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Commentary: Is a stable Afghanistan where China, Russia and US cooperate?

Another Afghan civil war risks becoming the next Syria - a gruesome proxy conflict with major powers arming various factions, says this political analyst.

Commentary: Is a stable Afghanistan where China, Russia and US cooperate?

FILE PHOTO: A Taliban fighter searches a car as he guards a checkpoint in Kabul, Afghanistan November 27, 2021. REUTERS/Ali Khara

SYDNEY: There is little that the United States can concur with China and Russia at a time regularly described as a “Second (or New) Cold War”. Yet amid all the ideological differences, one critical mutual interest is to prevent a civil conflict erupting in Afghanistan.

Afghanistan’s geography is significant for all three powers. To the north, it borders landlocked Central Asia, where economic dependence drives the former Soviet states into the Russian sphere of influence.

Through the north-eastern Wakhan Corridor, Afghanistan shares a border with China’s Muslim-majority Xinjiang province. And to the east, Afghanistan borders Pakistan, the West’s strategic regional ally since the partition of British India.

Unlike the 2021 collapse of the US-backed Afghan government, the 1992 collapse of the Soviet-backed regime resulted in a chaotic civil war. While the Taliban are a firmly united movement with a defined chain of command, the anti-Soviet Mujahideen were a loose coalition of fractious militias.

Upon taking power, these militias turned their guns on each other, devastating Afghanistan from street-to-street and district-to-district.

During this period, Afghanistan was coined a “failed state”, where warlords and their militias violently carved fiefdoms with no accountability to a dysfunctional government. It was the anarchy and lawlessness of the civil war that cultivated the perfect environment for Al-Qaeda to find safe haven in Afghanistan and plan the September 11 attacks against the United States.

Today, enabling another civil war in Afghanistan poses the same - though greater - security threat, not only to the United States and the West, but also to China and Russia. Unlike the 1990s, the threat today is heightened by the presence of Islamic State Khorasan Province, the regional affiliate of Islamic State that has a broad appeal for many radicals.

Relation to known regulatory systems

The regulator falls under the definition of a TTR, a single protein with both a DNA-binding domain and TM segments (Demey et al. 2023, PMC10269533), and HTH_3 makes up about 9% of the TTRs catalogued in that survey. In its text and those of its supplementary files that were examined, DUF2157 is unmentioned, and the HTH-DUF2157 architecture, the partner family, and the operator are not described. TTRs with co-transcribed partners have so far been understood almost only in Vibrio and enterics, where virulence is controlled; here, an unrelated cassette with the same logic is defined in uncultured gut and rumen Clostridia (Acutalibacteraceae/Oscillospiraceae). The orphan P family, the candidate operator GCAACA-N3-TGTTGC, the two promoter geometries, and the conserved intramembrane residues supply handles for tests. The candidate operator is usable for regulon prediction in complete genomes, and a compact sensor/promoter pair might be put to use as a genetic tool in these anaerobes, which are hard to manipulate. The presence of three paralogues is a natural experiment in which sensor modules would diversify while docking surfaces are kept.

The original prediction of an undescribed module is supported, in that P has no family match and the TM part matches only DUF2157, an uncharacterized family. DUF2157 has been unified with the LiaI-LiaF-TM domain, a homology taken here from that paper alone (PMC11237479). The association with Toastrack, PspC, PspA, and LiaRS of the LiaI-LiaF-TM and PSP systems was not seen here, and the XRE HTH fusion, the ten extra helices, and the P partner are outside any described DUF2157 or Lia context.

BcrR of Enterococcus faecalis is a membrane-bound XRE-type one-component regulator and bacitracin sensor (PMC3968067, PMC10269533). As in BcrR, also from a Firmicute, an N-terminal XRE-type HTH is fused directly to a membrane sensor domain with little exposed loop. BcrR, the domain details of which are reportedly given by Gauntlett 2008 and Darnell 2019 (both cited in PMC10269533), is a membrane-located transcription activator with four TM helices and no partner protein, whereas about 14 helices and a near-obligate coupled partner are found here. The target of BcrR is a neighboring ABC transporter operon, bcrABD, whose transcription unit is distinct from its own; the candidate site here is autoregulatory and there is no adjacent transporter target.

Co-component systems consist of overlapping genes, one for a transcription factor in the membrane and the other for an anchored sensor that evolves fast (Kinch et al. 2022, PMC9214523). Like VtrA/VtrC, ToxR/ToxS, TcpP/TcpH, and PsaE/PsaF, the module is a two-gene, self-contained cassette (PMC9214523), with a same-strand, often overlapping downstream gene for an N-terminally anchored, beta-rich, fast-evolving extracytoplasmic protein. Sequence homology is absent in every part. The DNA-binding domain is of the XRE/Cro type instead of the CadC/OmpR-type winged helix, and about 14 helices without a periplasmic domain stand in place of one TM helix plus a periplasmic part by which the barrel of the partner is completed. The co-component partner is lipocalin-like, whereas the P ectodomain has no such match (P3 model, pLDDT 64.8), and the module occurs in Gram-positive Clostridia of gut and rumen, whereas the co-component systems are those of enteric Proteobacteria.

FILE PHOTO: A view shows a damaged hotel building in Shahr-e-Naw neighborhood, which was attacked by Islamic State-Khorasan Province (ISKP) in Kabul, Afghanistan, December 13, 2022. REUTERS/Ali Khara

Islamic State Khorasan Province perceives the Taliban as an enemy for negotiating a peace agreement with the United States, seeking ties with China despite their persecution of Muslim minorities, and for not having transnational or pan-Islamic State aspirations beyond Afghanistan’s borders.


For Moscow, a turbulent Afghanistan would provide sanctuary for extremist Central Asian terrorist groups. Despite gaining independence from the Kremlin, these disenfranchised militants view Central Asian regimes as Russian President Vladimir Putin’s stooges and a continuation of decades-long Soviet rule that effectively outlawed Islam in the region.

With up to 4,000 Central Asians having joined Islamic State in Iraq and Syria, the presence of the local Islamic State affiliate in Afghanistan poses a security challenge to the neighbouring region. Islamic State Khorasan Province could exploit the resentment Central Asian militants have towards their repressive secular regimes, with their official newspapers announcing that fighters from Tajikistan have waged suicide attacks.

Since August 2021, Central Asian governments have pressured the Taliban to contain the threat of Islamic State Khorasan Province attacks. In the post-Soviet era, during the Afghan civil war, the Islamic Movement of Uzbekistan, its Tajikistani wing, and other offshoots, led armed incursions into Central Asian states from their sanctuary in conflict-ridden Afghanistan.